Something you’re eating may be killing you, and you probably don’t even know it! If you eat cheeseburgers or French fries all the time or drink six sodas a day, you likely know you are shortening your life. But eating a nice dark, crunchy slice of whole wheat bread, how could that be bad for you?
Well, bread contains gluten, a protein found in wheat, barley, rye, spelt, kamut, and oats. It is hidden in pizza, pasta, bread, wraps, rolls, and most processed foods. Clearly, gluten is a staple of most people’s diet. What most people don’t know is that gluten can cause serious health complications for many.
Just 10 years ago, barely anyone knew what the word gluten meant, let alone gave any thought to avoiding it. But now gluten-free diet menus are all the rage, and high-profile stars such as Gwyneth Paltrow, Rachel Weisz, and Victoria Beckham have been linked to the gluten-free diet lifestyle, which is said to contribute to increased energy, thinner thighs, and reduced belly bloat.
What It Is, Exactly
Gluten is a protein found in the grains wheat, barley, and rye. Most of us unknowingly love it, because gluten gives our favorite foods that special touch: It makes pizza dough stretchy, gives bread its spongy texture, and is used to thicken sauces and soups. Gluten-free eating has a basis in science, and it does help a genuine health problem. To people with a chronic digestive disorder called celiac disease, gluten is truly evil: Their bodies regard even a tiny crumb of it as a malicious invader and mount an immune response, says Alessio Fasano, M.D., medical director of the University of Maryland Center for Celiac Research in Baltimore. Problem is, this immune reaction ends up damaging the small intestine, which causes both great gastrointestinal distress and nutritional deficiencies. If untreated, these responses can then lead to intestinal cancers as well as complications such as infertility and osteoporosis.
Experts once thought celiac disease was a rare disorder, believed to affect one in every 10,000 people. But an Archives of Internal Medicine study in 2003 suggests that celiac disease is far more prevalent than anyone had suspected. With increased testing and awareness, more people realized why they felt sick after eating a piece of bread, and food companies discovered a new market.
Now another problem is emerging, and experts are referring to it as nonceliac gluten sensitivity. Gluten sensitivity can lead to similar celiac symptoms such as stomach cramps, diarrhea, and bloating. But unlike celiac, sensitivity doesn’t damage the intestine. For years, health professionals didn’t believe nonceliac gluten sensitivity existed, but experts are beginning to acknowledge that it may affect a large number of people.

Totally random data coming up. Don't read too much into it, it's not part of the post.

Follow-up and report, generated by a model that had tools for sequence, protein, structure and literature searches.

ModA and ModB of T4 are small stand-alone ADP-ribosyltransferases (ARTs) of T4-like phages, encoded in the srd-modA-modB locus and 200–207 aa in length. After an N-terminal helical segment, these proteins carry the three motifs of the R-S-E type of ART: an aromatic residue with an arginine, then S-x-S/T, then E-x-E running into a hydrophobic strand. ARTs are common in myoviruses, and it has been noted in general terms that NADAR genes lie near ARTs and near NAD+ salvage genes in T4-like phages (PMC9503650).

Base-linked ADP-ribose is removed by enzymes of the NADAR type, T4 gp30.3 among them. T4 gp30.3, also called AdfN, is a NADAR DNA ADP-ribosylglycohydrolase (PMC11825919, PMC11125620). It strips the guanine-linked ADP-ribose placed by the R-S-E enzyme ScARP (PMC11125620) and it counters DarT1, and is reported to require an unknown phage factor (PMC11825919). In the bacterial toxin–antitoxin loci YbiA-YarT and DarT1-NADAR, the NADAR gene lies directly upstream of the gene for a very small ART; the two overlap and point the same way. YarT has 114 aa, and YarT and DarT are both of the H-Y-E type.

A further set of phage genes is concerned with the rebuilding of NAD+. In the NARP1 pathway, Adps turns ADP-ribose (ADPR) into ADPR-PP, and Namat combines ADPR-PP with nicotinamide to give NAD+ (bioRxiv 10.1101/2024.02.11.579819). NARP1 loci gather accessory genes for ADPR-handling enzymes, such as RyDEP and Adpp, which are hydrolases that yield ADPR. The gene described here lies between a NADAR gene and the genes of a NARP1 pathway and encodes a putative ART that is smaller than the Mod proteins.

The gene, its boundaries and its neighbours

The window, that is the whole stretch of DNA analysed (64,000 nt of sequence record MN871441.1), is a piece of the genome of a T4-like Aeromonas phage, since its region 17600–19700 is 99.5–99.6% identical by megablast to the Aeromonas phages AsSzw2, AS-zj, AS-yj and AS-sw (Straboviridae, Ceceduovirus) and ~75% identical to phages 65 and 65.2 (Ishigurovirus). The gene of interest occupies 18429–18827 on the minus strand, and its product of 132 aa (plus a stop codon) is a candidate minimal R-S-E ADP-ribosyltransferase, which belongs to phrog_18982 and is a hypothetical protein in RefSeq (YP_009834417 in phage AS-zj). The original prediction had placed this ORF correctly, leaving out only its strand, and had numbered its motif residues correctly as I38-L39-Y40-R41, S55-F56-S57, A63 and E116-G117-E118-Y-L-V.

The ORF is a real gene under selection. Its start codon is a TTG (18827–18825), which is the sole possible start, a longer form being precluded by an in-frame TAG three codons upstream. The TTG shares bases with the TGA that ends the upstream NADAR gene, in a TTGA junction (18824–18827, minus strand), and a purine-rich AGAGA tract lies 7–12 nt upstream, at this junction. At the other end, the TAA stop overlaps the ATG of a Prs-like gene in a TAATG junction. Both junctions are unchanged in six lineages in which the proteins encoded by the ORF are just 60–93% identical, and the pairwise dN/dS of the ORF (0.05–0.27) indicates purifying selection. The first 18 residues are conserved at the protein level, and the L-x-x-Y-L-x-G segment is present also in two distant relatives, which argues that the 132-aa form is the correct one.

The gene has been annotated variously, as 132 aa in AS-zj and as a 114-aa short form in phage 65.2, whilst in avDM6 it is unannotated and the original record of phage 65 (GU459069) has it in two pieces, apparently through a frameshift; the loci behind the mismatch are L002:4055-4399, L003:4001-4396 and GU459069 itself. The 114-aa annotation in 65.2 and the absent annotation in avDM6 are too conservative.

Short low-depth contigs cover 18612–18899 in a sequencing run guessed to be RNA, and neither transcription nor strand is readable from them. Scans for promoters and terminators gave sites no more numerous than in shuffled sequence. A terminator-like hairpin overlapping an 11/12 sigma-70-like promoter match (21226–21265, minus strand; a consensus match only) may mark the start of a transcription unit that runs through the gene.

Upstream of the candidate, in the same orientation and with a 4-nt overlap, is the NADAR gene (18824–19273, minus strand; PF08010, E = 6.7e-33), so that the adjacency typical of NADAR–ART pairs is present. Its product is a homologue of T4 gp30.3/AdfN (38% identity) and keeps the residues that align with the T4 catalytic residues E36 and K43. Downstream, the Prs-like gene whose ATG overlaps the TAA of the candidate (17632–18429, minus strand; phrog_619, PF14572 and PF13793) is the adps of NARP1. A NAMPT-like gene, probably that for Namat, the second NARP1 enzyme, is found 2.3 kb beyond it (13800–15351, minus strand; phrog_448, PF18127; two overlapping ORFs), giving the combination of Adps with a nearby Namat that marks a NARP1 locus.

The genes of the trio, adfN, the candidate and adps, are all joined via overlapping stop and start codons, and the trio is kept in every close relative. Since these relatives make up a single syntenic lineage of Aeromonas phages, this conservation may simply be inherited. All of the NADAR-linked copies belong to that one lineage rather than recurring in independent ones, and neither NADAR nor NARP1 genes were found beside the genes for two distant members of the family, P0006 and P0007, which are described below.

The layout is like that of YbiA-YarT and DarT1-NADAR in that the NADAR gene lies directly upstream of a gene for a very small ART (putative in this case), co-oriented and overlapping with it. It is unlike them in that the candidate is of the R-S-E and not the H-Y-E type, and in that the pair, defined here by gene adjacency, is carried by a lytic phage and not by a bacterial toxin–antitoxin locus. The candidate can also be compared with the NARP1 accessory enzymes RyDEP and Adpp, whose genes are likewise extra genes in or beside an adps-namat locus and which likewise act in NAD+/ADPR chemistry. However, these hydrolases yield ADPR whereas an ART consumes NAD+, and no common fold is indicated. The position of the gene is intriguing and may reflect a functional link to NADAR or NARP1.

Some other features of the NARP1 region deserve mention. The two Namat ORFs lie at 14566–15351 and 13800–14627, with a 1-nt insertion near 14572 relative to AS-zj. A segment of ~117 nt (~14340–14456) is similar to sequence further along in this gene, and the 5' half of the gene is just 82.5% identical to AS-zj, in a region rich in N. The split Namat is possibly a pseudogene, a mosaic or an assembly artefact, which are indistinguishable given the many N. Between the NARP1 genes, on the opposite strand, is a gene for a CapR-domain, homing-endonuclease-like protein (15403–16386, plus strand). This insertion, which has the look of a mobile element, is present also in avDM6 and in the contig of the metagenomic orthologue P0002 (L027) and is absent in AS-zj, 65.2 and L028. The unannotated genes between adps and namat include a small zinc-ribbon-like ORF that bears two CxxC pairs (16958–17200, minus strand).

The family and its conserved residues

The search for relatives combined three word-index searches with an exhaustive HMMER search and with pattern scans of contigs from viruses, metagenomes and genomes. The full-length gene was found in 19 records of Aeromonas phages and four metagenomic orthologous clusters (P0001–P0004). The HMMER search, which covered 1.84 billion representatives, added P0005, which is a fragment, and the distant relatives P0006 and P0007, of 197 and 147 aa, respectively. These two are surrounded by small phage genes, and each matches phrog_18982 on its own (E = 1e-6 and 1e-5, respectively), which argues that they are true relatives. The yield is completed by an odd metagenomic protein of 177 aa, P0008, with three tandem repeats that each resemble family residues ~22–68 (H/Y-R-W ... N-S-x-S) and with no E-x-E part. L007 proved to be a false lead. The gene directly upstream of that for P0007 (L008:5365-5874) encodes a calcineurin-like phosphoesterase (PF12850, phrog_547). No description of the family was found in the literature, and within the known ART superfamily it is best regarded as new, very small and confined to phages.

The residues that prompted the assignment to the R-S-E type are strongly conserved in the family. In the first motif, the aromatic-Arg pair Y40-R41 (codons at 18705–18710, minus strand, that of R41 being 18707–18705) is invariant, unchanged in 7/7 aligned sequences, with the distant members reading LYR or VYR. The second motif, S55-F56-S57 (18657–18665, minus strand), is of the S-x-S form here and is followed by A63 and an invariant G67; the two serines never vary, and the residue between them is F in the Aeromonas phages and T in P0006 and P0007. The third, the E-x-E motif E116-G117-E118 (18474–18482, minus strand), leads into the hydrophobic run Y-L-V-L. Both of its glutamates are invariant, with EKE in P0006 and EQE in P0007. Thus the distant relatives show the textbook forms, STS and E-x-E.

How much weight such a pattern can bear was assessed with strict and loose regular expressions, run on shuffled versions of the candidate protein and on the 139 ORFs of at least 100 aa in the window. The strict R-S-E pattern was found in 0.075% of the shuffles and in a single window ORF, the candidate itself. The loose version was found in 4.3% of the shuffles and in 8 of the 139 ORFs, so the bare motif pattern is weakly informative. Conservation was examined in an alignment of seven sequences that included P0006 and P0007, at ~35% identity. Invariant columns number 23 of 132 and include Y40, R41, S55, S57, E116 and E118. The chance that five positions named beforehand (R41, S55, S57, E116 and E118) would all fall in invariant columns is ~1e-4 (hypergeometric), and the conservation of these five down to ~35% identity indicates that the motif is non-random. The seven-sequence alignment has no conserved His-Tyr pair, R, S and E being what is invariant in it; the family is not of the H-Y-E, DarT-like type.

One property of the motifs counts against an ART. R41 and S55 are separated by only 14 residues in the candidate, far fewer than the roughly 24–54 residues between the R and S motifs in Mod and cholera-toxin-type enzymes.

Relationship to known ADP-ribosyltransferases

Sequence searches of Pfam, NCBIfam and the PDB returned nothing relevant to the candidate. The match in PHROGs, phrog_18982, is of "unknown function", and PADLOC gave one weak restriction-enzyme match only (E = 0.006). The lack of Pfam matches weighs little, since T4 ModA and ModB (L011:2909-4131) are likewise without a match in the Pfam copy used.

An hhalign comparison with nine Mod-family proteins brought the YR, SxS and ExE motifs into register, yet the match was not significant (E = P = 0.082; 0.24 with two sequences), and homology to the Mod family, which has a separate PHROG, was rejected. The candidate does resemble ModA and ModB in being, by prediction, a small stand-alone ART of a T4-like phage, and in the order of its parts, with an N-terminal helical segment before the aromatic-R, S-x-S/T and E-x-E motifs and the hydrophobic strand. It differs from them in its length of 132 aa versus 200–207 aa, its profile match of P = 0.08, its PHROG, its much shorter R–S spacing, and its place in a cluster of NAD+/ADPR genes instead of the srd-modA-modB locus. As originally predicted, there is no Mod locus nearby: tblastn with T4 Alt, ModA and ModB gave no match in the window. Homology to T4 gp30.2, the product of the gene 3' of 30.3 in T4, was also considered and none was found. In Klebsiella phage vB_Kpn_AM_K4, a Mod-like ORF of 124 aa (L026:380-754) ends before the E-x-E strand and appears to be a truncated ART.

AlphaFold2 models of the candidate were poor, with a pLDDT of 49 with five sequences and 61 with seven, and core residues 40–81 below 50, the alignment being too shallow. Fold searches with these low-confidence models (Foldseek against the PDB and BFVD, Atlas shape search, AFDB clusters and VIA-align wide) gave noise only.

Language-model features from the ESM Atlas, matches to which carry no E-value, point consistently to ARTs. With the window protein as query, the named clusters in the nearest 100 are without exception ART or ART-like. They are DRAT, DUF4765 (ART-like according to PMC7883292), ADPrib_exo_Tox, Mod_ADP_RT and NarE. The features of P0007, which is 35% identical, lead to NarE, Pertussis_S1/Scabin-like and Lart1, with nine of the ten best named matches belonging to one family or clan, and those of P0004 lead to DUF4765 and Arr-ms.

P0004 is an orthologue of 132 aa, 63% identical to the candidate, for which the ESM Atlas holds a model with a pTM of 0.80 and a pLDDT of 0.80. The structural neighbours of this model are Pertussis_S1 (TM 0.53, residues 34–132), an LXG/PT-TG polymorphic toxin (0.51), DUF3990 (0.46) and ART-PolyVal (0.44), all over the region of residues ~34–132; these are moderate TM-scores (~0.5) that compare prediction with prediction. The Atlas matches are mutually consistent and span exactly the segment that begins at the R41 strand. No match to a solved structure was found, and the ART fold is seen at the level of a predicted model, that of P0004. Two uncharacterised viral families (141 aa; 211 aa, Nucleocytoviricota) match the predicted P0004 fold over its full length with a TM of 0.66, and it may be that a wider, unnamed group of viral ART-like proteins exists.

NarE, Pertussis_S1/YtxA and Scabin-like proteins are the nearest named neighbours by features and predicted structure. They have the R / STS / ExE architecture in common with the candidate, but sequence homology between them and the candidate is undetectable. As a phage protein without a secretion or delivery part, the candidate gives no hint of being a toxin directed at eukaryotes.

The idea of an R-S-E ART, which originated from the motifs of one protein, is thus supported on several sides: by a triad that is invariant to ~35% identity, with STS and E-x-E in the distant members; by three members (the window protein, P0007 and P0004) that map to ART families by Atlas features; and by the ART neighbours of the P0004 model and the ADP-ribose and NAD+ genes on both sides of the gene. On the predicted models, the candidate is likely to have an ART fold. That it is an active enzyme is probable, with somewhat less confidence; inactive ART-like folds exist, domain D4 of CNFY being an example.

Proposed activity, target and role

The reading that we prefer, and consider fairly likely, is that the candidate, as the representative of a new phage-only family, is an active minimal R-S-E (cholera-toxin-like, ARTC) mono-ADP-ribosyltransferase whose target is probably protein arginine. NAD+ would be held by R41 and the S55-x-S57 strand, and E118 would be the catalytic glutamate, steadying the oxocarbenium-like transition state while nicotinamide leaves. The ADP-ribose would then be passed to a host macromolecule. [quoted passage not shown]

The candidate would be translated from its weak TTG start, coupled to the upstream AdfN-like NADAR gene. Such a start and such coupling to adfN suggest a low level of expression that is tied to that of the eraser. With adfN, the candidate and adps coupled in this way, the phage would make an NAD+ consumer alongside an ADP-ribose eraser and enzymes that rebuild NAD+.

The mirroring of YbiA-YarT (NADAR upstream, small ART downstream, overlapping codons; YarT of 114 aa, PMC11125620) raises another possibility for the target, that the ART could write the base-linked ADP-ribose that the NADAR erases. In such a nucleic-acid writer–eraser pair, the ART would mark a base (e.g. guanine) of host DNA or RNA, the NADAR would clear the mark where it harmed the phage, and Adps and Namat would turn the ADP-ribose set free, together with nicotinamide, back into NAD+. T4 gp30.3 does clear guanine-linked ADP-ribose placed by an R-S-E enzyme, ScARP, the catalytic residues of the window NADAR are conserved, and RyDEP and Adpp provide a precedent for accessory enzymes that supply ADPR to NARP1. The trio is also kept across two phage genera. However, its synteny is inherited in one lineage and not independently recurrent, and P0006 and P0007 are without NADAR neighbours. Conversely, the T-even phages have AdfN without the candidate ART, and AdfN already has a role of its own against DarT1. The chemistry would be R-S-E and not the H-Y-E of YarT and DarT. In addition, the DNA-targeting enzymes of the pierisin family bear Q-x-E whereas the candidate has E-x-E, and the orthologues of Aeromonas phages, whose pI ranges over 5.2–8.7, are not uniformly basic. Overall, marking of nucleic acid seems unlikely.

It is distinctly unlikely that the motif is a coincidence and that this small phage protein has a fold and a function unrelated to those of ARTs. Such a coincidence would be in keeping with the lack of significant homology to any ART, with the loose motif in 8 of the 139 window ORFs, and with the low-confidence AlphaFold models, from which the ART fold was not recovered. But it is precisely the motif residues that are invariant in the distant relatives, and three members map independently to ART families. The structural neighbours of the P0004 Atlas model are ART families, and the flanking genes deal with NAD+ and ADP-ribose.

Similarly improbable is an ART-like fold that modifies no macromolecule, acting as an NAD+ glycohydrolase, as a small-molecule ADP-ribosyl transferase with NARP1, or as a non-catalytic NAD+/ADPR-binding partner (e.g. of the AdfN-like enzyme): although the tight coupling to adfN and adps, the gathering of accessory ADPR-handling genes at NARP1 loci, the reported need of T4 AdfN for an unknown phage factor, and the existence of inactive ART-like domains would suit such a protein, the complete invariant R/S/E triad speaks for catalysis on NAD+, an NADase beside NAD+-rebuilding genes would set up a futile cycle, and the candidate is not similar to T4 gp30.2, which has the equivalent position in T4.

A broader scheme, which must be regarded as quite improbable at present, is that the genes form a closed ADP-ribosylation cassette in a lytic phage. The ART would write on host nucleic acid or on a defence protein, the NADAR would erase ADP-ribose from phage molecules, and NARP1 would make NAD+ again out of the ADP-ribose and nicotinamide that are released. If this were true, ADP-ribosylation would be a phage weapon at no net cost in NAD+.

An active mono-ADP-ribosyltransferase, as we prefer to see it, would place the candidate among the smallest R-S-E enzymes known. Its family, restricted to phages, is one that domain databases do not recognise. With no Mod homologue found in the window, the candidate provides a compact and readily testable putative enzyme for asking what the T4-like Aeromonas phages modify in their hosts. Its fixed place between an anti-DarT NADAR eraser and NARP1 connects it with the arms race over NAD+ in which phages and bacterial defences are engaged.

The Health Hype
Thanks to the increase in diagnosed celiac and gluten sensitivity cases, and the corresponding uptick in foods marketed to sufferers, “gluten-free diets have emerged from obscurity, and now the pendulum has swung completely in the other direction,” says Fasano. And with this popularity push, people have latched on to avoiding gluten as a cure-all for many conditions aside from celiac, including migraines, fibromyalgia, and chronic fatigue syndrome. While some have found relief, that doesn’t mean a gluten free diet will work in all cases.
And then there’s the idea that a gluten-free existence is the ticket to speedy weight loss. But, says Mark DeMeo, M.D., director of gastroenterology and nutrition at the Adult Celiac Disease Program at Rush University Medical Center in Chicago, “there’s nothing magical about a gluten-free diet that’s going to help you lose weight.” What’s really at work: Gluten-free dining can seriously limit the number of foods you can eat. With fewer choices, you’re a lot less likely to overeat. But it can backfire too, because gluten-free doesn’t mean fat-free or calorie-free.
Without gluten to bind food together, food manufacturers often use more fat and sugar to make the product more palatable. Consider pretzels: A serving of regular pretzels has about 110 calories and just one gram of fat. Swap them for gluten-free pretzels and you could get 140 calories and six grams of fat.
Should You Go Gluten-Free?
If you have celiac disease or gluten sensitivity, the answer is easy: Yes, you have to. But if you just want to give the diet a spin, know this: It’s a giant pain in the butt. Giving up gluten may sound as basic as cutting out bread or eating less pasta, but this isn’t just another version of the low-carb craze. Because gluten makes foods thick and tasty, it is added to everything from salad dressing to soy sauce to seasonings.
Besides the hassle, you can end up with serious nutritional deficiencies. Gluten-free doesn’t necessarily equal healthy, especially when people yank vitamin-enriched and wholegrain foods from their diets and replace them with gluten free brownies. In fact, research suggests that those who forgo gluten may be more likely to miss out on important nutrients such as iron, B vitamins, and fiber.